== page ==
A bad Polish actor is just trying to make a living when what should intrude but World War II in the form of an invasion. His wife has the habit of entertaining young Polish officers while ... See full summary »
New York, 1959. Max Bialystock was once the king of Broadway, but now all his shows close on opening night. Things turn around when he's visited by the neurotic accountant Leo Bloom, who proposes a scheme tailor-made for producers who can only make flops: raise far more money than you need, then make sure the show is despised. No one will be interested in it, so you can pocket the surplus. To this end, they produce a musical called Springtime for Hitler written by escaped Nazi Franz Liebken. Then they get the insanely flamboyant Roger De Bris to direct. Finally, they hire as a lead actress the loopy Swedish bombshell Ulla (whose last name has over 15 syllables). As opening night draws near, what can go wrong? Well, there's no accounting for taste... Written by
The gun Franz is shooting appears to be a Luger, a very popular German pistol in the first half of the 1900s. The Luger was only originally designed to hold eight rounds, but can hold nine with one in the chamber. The Luger is also emptied, not jammed. See more »
Mr. Marks, you were right about one thing. You are a CPA. A Certified Public ASS-HOLE!
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After the credits finish, cast members from the film (including a cameo by Mel Brooks) sing the number "Goodbye!", which is sung in the stage version at the conclusion of the curtain call. See more »
The Producers (2005) **** Nathan Lane, Matthew Broderick, Uma Thurman, Will Farrell, Gary Beach, Roger Bart Dir. Susan Stroman
I don't think the critics know what they are talking about. This movie rocked! It took me back to the old days of movie musicals. You know, the Bugsby Berkley years, big and flashy with hum able songs. Based on the 1968 film starring Zero Maestel and Gene Wilder, and the smash hit on Broadway, the story of a failing Producer named Max Bialystock who has just had the worst show in town close called Funny Boy, a musical version of Hamlet. Distraught he runs into accountant Leo Bloom who comes up with the notion that you can make more money with a flop than with a hit. Max overjoyed to hear such wonderful news lays it all out. Step 1. They find the worst play ever written, the "mother lode" as Max calls it when he comes across Springtime for Hitler, written by neo-nazi Franz Liebkind. Step 2. Hire the worst director, a prime and proper gay man named Roger Debris who wants to keep everything gay! Step 3. Raise 2 million dollars from Max's backers: harmless little old ladies looking for a last roll in the hay. Step 4 Open on Broadway and before you can say step 5 they close and run off to Rio. All goes well until Springtime for Hitler becomes a success leaving Leo and Max in the dust.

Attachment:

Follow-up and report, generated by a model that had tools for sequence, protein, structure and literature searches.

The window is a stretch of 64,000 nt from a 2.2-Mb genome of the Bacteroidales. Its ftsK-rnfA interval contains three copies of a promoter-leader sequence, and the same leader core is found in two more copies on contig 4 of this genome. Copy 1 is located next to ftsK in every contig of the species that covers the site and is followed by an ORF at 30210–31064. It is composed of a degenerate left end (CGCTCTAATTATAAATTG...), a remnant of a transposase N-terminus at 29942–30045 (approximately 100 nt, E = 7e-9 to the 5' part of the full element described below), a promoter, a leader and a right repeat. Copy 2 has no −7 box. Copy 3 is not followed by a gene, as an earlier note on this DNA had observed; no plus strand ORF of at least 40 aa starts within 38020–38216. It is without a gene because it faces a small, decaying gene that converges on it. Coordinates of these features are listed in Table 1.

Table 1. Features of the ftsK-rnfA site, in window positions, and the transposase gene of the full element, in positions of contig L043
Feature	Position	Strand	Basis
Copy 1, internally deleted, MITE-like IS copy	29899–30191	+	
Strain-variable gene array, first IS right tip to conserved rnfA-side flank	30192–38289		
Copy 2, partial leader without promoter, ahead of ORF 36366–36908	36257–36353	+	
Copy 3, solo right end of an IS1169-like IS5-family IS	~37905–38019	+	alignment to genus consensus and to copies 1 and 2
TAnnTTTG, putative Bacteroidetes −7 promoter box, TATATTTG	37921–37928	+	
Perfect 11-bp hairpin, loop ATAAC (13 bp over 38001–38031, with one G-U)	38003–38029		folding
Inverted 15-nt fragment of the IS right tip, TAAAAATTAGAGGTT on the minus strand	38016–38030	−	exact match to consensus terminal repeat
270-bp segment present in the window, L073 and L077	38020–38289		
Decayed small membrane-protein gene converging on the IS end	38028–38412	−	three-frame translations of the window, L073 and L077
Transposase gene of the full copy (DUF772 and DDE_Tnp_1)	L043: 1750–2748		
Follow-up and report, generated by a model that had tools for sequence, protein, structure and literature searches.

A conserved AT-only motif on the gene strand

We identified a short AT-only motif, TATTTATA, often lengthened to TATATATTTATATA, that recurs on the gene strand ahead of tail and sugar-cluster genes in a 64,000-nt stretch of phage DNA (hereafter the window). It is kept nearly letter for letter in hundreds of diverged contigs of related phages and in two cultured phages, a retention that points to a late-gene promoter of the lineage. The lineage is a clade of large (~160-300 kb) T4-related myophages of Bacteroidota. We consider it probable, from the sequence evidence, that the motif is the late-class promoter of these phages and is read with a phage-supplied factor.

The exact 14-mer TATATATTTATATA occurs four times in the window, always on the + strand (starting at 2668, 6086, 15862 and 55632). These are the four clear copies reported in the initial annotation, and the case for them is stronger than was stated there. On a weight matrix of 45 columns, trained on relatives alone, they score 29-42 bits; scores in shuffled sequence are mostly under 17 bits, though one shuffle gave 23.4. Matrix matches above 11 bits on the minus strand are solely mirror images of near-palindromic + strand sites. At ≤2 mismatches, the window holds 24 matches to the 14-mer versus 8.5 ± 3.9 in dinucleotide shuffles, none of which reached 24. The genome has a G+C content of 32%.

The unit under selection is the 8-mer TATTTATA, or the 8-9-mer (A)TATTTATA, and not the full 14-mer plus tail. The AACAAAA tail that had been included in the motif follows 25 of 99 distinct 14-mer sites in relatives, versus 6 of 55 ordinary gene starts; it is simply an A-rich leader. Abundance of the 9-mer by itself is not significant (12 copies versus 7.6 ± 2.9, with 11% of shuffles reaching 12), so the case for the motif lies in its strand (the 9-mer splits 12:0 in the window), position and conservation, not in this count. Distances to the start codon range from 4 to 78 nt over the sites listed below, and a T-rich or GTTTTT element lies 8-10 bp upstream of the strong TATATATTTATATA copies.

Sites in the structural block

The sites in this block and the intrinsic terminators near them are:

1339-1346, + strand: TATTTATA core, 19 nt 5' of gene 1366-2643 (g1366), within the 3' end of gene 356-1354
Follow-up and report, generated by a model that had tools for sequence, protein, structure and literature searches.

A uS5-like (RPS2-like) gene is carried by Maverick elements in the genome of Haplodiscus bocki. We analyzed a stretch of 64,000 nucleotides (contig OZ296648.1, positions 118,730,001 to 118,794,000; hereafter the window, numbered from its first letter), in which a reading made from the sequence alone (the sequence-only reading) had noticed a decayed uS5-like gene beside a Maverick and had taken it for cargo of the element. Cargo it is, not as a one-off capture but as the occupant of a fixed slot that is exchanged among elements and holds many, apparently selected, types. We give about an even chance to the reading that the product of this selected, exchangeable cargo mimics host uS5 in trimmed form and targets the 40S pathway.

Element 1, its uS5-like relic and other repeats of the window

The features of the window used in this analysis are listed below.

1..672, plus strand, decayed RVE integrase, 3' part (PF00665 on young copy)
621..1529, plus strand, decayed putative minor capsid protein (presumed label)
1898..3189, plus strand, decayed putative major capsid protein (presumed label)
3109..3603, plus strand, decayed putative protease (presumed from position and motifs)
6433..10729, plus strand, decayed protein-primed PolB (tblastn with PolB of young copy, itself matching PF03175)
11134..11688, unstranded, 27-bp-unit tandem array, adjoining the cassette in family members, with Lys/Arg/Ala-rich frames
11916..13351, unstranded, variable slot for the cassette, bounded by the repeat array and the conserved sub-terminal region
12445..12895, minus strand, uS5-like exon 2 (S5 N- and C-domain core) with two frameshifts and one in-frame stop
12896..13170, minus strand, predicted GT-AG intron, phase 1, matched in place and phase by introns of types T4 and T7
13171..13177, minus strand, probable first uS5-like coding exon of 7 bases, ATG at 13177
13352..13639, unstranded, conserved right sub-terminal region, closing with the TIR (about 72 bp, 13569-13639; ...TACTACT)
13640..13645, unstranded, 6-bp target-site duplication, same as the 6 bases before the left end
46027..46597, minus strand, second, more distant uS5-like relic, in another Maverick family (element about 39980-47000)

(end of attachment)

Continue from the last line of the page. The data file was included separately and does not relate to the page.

People have been comparing it to the original, which sure it has some of the same lines, and the story is the same, but both shows have something different to offer. You get songs in this version that you don't get in the original. Nathan Lane tears up the screen and will have you in stitches as Max; his show stopping number "Betrayed" will have you applauding. Matthew Broderick is also very good as Leo who can't grab life by the balls and go. He sings "I Wanna Be A Producer" with such gusto and dances with Ms. Uma Thurman, who is amazing as Ulla, and their dance number has sheds of the old Astaire and Rogers's musicals of the 30s.
Also excellent, are Will Farrell as the Nazi who speaks to his birds and Gary Beach and Roger Bart as Roger De Bris and Carmen Ghia they gay "couple" who want to put Springtime for Hitler on the stage, both stand out in the cast, and both played the roles on Broadway. Other familiar faces you will see are Jon Lovitz as Leo's accounting firms boss, Michael McKean as one of the prisoners and Richard Kind as the Jury Foreman who took over in the Nathan Lane role on the stage.
Susan Stroman doesn't make the camera cuts flashy, they are simple, which makes it more enjoyable to watch the dance numbers, from the opening number to the hilarious "Along Came Bialy" when the old ladies do a dance break with walkers, to "Keep it Gay" to the uproarious Springtime for Hitler number. The best-staged number was probably "I Wanna Be A Producer" as it has shades from the 30s mixed with modern day. It was wonderful! If you listen to some critics who choose to say "this film show inexperience" or "not as good as the original" you are missing a terrific movie musical that is just as good as Chicago! Plus Mel Brooks was also standing there at the helm with Ms. Stroman. Be advised to stay until the very end of the credits to view something special! Bravo!
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